There seems to be no end to the types of creative frauds that scammers will come up with in a bid to gain access to an elderly person’s financial assets. The internet has only perpetuated these alarming crimes. Four years ago, elderly persons reportedly lost a whopping $2.9 billion because they were the victims of some type of fraud.
This past June, a Pennsylvania Senator sought to staunch this tide of scams with the introduction of a bill called the Senior Investor Protections Enhancement Act. If passed, the perpetrators of investment scams targeting those above the age of 62 would see potential fine levels raised dramatically. Individuals defending against a civil suit would face a fine as high as $150,000, up from $100,000. Businesses would similarly see potential fines raised by $50,000 to $550,000.
Prompted by this bill, a new report attempts to raise awareness about some of the typical scams faced by elderly persons as described in a consumer reference guide about the topic.
Most scams will involve the fraud pretending to be someone they’re not, such as a bank manager. In this case, they’ll explain to the elderly individual that they would be much obliged if they could withdraw money to help them catch a thief. He or she will make up some excuse about how an employee has been accused of skimming money and they need to track serial numbers. Then, when the elderly person meets with the scammer, he or she takes the money and never looks back.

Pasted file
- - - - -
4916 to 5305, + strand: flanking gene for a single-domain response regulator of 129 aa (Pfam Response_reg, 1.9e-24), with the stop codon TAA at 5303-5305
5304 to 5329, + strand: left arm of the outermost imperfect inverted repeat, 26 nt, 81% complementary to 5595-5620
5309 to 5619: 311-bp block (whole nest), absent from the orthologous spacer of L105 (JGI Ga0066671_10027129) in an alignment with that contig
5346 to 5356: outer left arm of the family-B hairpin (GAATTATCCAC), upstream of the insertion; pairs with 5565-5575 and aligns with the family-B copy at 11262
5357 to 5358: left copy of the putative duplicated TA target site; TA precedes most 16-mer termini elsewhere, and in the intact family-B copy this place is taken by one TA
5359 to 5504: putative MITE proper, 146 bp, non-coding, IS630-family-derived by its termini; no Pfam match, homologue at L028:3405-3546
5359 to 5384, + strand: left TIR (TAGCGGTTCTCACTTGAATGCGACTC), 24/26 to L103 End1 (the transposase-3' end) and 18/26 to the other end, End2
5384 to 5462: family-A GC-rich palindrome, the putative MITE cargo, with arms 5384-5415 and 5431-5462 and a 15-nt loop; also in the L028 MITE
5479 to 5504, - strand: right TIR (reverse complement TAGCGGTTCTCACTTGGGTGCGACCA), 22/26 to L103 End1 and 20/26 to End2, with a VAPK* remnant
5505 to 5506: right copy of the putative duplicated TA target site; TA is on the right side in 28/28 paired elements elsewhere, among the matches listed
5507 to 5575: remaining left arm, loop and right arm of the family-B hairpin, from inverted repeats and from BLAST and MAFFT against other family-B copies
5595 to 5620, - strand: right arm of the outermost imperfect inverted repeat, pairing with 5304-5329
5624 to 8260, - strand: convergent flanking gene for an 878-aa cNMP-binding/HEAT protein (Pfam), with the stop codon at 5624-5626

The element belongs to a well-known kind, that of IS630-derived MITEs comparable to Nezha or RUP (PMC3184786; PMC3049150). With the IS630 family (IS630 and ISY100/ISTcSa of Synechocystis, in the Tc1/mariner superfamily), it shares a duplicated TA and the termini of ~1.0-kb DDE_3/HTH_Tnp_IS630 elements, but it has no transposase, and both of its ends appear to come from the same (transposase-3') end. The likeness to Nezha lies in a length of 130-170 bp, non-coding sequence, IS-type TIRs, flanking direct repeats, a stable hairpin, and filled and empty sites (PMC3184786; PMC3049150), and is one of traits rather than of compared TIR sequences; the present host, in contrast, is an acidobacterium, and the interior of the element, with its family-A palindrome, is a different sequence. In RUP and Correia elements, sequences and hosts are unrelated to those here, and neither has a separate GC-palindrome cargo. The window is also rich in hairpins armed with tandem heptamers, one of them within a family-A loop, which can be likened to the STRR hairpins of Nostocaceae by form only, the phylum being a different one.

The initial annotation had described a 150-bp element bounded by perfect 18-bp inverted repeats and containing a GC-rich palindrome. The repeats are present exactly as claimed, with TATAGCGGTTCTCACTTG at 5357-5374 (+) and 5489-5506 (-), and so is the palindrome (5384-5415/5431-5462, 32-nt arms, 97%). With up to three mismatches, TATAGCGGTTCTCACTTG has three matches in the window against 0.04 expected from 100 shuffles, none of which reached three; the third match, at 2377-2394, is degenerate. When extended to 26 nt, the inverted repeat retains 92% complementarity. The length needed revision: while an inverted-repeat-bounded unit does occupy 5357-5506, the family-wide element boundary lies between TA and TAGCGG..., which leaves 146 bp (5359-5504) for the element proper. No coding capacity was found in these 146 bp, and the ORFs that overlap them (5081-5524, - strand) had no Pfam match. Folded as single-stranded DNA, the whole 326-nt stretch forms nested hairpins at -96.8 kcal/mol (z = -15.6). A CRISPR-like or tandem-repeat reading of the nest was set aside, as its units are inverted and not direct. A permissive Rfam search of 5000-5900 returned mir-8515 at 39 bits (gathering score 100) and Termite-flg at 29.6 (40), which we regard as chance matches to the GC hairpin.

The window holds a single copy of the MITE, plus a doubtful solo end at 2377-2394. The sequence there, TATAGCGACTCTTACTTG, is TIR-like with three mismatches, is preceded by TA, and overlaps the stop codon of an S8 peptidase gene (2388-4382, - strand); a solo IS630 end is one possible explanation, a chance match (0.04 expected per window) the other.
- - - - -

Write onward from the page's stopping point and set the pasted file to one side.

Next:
This scam is a good example where checking with your financial institution can go a long way. Don’t trust a number the person provides. Simply hang up the phone, look up your bank’s number online or in a phone book, and call to verify the identity of anyone who calls unsolicited claiming to be a part of the bank. The above request would never be filed by a bank, but other scams are less obvious, and thus it’s best to always verify the person on the line is who they say they are.
A bank manager isn’t the only person a scammer will claim to be. Some seniors might find themselves receiving notes in the mail asking for a charitable donation. Everything sounds on the level, and official government seals are even affixed, but in truth the letter has just come courtesy of a high-level scammer. As with any scam, always verify the identify of any person or business sending mail your way.
Finally, scammers might attempt to dupe elderly persons into believing a phone call is from a grandson or granddaughter and that they need financial help immediately. They’ll of course say that they have to keep this between the two of them. As you can guess by now, the best way to avoid this scam is to call the person they claim to be or their mom and dad to check on the veracity of the identity.